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Every year millions of people head to their doctors’ surgeries to roll up their sleeves and receive their annual flu jab.
In anticipation, the World Health Organisation convenes meetings each February and September to recommend which strains of influenza to include in seasonal vaccines, based on the viruses circulating around the world at the time. Candidate vaccines are then formulated and, over the next six to eight months, sufficient stocks are built up by manufacturers for the vaccination campaigns that begin in the autumn.
Usually, the resulting vaccine provides reasonable protection against infection over the following winter, although in some years — 2014-15, for example — the vaccine has missed its target, either because the surveillance was misleading or the virus changed its character unusually quickly.
All this is necessary because the influenza virus is extraordinarily variable. One of the highest priorities in medical virology is to develop a “universal vaccine” that would protect against any strain of the disease. A breakthrough like that would cut out the expensive and time-consuming process of preparing vaccines against seasonal flu, which kills an estimated 250,000-500,000 people a year. It would also be a lifesaver should a virulent new strain of pandemic flu emerge, perhaps through the mutation of a porcine or avian flu virus.
Flu pandemics — when an infectious disease spreads over a wide geographic area or even worldwide — struck three times during the 20th century and once in the 21st. The most serious of these, the Spanish flu of 1918-19, infected 500m people and left more than 50m dead. Virologists say another severe pandemic is inevitable.
Both academic and corporate labs are now working on versions of universal flu vaccines, though their efforts are at early stages of development. “What all universal flu vaccine candidates have in common is that, although some of the parts of the flu virus change rapidly, there are actually other parts of the virus that are relatively stable, year on year,” says Richard Antrobus, a flu researcher at Oxford university. “[Those parts] are also relatively the same between different strains of flu. Universal vaccines target the immune system [towards] these parts of the virus.”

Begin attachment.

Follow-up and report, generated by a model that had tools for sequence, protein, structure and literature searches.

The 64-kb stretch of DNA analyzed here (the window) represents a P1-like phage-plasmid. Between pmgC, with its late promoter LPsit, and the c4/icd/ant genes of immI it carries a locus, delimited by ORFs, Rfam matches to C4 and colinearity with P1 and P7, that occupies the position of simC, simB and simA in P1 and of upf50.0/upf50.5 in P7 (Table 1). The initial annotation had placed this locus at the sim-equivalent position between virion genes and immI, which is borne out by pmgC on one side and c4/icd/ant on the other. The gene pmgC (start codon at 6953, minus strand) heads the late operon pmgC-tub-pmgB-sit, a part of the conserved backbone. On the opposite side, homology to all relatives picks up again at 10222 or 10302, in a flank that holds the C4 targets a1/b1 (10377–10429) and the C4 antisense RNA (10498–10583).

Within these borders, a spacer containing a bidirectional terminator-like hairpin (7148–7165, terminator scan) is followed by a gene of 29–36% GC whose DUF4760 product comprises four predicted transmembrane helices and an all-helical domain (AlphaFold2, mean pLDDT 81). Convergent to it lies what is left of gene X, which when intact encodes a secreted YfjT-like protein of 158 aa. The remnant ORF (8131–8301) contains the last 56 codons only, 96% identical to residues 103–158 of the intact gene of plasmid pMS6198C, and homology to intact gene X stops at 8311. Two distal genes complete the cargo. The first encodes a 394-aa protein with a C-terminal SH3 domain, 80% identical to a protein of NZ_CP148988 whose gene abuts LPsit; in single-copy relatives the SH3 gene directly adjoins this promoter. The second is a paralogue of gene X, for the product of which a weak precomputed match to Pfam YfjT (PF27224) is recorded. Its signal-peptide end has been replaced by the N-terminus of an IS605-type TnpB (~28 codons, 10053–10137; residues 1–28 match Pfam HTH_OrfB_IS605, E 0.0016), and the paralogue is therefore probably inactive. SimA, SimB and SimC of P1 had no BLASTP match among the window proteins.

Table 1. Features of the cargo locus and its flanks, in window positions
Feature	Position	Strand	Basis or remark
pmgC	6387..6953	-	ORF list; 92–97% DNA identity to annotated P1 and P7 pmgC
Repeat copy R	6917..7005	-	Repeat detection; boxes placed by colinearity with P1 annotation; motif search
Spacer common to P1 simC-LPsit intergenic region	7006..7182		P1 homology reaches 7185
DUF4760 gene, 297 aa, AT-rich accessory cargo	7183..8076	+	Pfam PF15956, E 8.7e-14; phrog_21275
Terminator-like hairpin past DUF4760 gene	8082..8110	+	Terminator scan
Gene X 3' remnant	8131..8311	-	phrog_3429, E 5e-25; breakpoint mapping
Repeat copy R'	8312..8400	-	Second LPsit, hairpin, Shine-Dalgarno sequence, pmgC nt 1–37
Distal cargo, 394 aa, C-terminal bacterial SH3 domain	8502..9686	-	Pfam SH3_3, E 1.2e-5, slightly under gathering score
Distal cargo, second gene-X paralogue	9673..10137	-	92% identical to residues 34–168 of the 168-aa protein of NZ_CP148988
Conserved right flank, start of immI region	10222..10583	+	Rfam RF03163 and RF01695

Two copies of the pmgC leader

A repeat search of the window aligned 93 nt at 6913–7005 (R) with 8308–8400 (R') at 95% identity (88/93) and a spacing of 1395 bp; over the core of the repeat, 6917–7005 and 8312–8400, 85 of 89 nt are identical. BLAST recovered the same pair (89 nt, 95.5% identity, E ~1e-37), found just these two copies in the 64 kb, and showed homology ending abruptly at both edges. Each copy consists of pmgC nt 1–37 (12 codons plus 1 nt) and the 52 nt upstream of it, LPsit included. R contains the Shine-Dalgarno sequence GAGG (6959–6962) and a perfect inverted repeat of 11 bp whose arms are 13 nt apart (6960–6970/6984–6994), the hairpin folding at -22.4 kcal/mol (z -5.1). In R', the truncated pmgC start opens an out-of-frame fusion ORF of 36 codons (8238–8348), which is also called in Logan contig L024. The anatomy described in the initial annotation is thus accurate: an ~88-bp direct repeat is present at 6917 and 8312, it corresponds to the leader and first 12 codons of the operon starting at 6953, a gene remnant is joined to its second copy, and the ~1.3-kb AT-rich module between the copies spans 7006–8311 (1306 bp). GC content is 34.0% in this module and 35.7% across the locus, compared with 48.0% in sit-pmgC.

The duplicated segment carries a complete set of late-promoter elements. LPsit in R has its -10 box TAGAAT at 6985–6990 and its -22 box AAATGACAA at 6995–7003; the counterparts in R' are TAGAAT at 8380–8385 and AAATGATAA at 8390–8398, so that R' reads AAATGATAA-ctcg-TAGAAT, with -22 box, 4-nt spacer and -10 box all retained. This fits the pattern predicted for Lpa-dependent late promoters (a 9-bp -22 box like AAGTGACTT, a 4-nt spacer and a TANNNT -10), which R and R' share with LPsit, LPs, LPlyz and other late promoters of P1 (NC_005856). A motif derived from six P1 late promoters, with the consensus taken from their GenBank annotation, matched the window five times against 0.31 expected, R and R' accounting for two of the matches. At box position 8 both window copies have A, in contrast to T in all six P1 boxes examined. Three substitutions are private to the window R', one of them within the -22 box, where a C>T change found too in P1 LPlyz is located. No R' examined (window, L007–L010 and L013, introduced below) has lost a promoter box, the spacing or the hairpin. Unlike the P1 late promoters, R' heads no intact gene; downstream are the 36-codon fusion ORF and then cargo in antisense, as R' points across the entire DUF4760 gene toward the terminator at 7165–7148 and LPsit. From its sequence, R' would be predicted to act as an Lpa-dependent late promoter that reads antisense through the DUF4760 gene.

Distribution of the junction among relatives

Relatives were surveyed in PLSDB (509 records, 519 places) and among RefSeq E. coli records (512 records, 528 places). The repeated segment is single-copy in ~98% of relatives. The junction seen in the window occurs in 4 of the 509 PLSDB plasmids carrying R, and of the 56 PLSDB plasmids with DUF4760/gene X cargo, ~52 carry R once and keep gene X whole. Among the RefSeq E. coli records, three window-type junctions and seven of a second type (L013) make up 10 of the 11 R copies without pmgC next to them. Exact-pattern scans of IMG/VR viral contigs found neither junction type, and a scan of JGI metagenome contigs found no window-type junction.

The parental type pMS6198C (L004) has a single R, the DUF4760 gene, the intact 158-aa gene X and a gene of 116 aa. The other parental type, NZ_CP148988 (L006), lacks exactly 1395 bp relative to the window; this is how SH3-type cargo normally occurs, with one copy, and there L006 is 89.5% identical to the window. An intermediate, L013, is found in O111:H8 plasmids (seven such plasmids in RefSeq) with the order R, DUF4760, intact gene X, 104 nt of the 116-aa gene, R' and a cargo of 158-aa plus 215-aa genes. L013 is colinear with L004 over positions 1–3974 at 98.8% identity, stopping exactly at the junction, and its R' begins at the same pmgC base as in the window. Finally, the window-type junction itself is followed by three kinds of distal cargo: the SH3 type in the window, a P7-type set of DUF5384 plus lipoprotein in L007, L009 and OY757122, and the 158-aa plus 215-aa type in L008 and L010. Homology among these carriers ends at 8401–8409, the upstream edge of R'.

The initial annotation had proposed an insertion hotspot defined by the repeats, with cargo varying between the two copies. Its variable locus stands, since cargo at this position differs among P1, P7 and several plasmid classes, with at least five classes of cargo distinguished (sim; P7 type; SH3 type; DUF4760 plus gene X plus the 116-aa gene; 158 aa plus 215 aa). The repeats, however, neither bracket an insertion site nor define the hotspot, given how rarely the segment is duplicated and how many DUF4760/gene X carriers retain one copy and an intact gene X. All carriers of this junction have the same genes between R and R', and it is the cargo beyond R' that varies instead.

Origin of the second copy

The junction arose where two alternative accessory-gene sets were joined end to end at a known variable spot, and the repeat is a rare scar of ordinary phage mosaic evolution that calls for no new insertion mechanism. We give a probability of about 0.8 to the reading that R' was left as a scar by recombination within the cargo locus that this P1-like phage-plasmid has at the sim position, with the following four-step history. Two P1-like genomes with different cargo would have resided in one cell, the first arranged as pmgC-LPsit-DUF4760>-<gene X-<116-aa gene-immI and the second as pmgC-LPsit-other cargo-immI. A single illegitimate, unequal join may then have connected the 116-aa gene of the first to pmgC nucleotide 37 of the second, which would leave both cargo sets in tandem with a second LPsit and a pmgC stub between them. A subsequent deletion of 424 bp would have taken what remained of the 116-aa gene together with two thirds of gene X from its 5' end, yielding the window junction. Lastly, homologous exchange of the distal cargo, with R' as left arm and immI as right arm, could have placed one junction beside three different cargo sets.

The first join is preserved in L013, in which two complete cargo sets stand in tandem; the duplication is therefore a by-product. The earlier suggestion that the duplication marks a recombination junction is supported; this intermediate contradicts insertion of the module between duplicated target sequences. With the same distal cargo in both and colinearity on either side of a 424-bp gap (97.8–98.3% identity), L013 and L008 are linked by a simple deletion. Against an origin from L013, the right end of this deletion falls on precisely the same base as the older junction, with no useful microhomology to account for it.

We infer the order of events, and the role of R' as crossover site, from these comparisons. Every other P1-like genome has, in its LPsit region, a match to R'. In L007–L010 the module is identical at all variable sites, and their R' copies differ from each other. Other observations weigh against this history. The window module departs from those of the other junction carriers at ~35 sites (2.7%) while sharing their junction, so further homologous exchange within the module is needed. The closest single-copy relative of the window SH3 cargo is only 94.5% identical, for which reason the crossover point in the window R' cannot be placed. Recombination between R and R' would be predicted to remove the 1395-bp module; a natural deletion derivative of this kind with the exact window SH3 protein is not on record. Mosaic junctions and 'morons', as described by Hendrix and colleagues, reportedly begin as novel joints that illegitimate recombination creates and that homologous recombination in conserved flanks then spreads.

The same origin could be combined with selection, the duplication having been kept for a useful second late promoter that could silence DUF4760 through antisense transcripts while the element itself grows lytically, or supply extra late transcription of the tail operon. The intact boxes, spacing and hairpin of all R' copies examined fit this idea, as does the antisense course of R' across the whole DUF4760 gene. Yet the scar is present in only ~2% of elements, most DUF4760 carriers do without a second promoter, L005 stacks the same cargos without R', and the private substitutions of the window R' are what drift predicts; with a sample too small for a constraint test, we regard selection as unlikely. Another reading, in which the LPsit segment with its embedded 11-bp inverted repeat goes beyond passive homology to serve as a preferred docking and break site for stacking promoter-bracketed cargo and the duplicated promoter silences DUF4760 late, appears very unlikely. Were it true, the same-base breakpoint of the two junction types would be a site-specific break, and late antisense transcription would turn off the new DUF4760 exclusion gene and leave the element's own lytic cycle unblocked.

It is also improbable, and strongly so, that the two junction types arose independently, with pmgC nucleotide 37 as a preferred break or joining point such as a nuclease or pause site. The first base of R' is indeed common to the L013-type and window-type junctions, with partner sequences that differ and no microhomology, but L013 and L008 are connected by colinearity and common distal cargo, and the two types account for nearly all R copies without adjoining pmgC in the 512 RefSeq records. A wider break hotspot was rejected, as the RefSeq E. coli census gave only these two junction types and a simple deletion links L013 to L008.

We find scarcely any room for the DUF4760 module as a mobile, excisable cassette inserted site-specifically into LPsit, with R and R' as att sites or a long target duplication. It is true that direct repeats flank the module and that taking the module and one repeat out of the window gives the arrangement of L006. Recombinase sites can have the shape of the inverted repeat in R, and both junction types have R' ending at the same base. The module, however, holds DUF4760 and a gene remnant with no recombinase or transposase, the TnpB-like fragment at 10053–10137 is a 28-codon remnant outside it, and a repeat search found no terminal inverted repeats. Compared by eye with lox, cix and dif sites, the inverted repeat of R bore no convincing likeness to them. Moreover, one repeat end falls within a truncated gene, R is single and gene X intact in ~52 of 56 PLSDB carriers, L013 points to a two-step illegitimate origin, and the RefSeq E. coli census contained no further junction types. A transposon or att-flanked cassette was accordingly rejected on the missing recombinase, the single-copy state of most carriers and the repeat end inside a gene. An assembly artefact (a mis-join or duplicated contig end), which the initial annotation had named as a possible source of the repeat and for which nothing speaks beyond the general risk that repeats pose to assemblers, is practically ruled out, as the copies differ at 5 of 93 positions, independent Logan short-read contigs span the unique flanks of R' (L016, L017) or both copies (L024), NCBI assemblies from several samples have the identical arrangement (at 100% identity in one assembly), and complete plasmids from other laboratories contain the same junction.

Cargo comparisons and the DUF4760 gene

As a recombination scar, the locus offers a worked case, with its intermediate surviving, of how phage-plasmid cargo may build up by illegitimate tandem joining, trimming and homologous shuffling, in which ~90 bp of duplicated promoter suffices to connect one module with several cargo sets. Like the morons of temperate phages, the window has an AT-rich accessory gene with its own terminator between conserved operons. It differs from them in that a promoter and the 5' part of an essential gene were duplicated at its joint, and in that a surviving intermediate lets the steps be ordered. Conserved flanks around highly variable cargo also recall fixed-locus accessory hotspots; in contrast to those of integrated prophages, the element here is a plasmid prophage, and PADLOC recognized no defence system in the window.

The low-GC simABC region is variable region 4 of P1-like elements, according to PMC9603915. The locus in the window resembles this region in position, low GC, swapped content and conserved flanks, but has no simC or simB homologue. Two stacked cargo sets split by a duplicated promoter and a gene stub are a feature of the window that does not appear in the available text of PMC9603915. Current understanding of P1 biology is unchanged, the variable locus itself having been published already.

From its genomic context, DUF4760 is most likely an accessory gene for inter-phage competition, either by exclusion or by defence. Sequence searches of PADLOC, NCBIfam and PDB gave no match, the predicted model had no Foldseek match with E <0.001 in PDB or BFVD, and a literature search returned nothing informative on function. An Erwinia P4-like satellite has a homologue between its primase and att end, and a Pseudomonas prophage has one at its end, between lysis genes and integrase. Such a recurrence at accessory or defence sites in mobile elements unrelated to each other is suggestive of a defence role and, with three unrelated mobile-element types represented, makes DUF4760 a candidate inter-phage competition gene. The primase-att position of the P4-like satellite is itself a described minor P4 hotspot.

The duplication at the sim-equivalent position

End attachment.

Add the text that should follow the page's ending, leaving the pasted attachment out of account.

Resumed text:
The trouble with this approach in practice is that the stable parts tend to lie deep within the virus, where they are hard to reach, while the variable ones are on the surface. But there are ways to get inside the virus, for example through immune cells (T-cells) that recognise internal proteins.
Another approach is to attack a vital protein called haemagglutinin, or HA, that enables the flu virus to bind to the cell it is infecting. HA has a very variable “head region”, which sticks out of the viral surface, and a less accessible but stable “stem region”. Two teams, one at the US National Institutes of Health and the other a collaboration between the Scripps Research Institute in California and Johnson & Johnson, have reported promising results with animal tests of an experimental vaccine based on different approaches to the HA stem.
“If the body can make an immune response against the HA stem, it is difficult for the virus to escape,” says Ian Wilson, a Scripps biology professor. “We are moving in the right direction for a universal influenza vaccine. This was the proof of principle.”
But a truly universal flu vaccine is not going to spring suddenly on to the market, says Dr Antrobus. “It is more likely that we will see a series of vaccines being released . . . which will provide more protection against a broader range of influenza strains.”
John Shiver, head of R&D at Sanofi Pasteur, the French vaccine company, agrees. “While a truly universal vaccine is the ultimate goal, we believe that a broader spectrum vaccine could be available first to replace the current seasonal flu vaccine,” he says.
Sanofi Pasteur published a research paper in March in collaboration with the University of Georgia. The team developed an HA “computationally optimised broadly reactive antigen” or “Cobra”, which is active against many different strains of H1N1 influenza, one of the most dangerous flu types, in animal tests.
“This experimental vaccine is generated from the sequences of many flu viruses and is designed to help protect against many strains over several years,” says Tim Alefantis, Sanofi Pasteur project leader.
Although most efforts have been directed at the “antigen” — the part of the vaccine consisting of proteins from the flu virus that stimulate an immune response in the recipient — some researchers are also looking at “adjuvants” — added chemicals that enhance a vaccine’s effectiveness. Most vaccines use alum, a simple inorganic compound, but two university teams have recently reported good results with more complex organic adjuvants.
Australian researchers at the University of Melbourne published evidence last October that a synthetic lipoprotein, a fatty molecule that mimics a component of pathogens’ outer membrane, boosted the response of animals to flu vaccine. And, in January, scientists at the University of Missouri found that added lactoferrin, a protein in breast milk that strengthens a baby’s ability to fight infection, could increase the effectiveness of vaccination in infants.
“The biggest advantage is that this approach does not rely on getting a match between the strains used in the vaccine and the circulating virus,” says Brendon Chua of the University of Melbourne. “You can still get some protective effect at the population level.”
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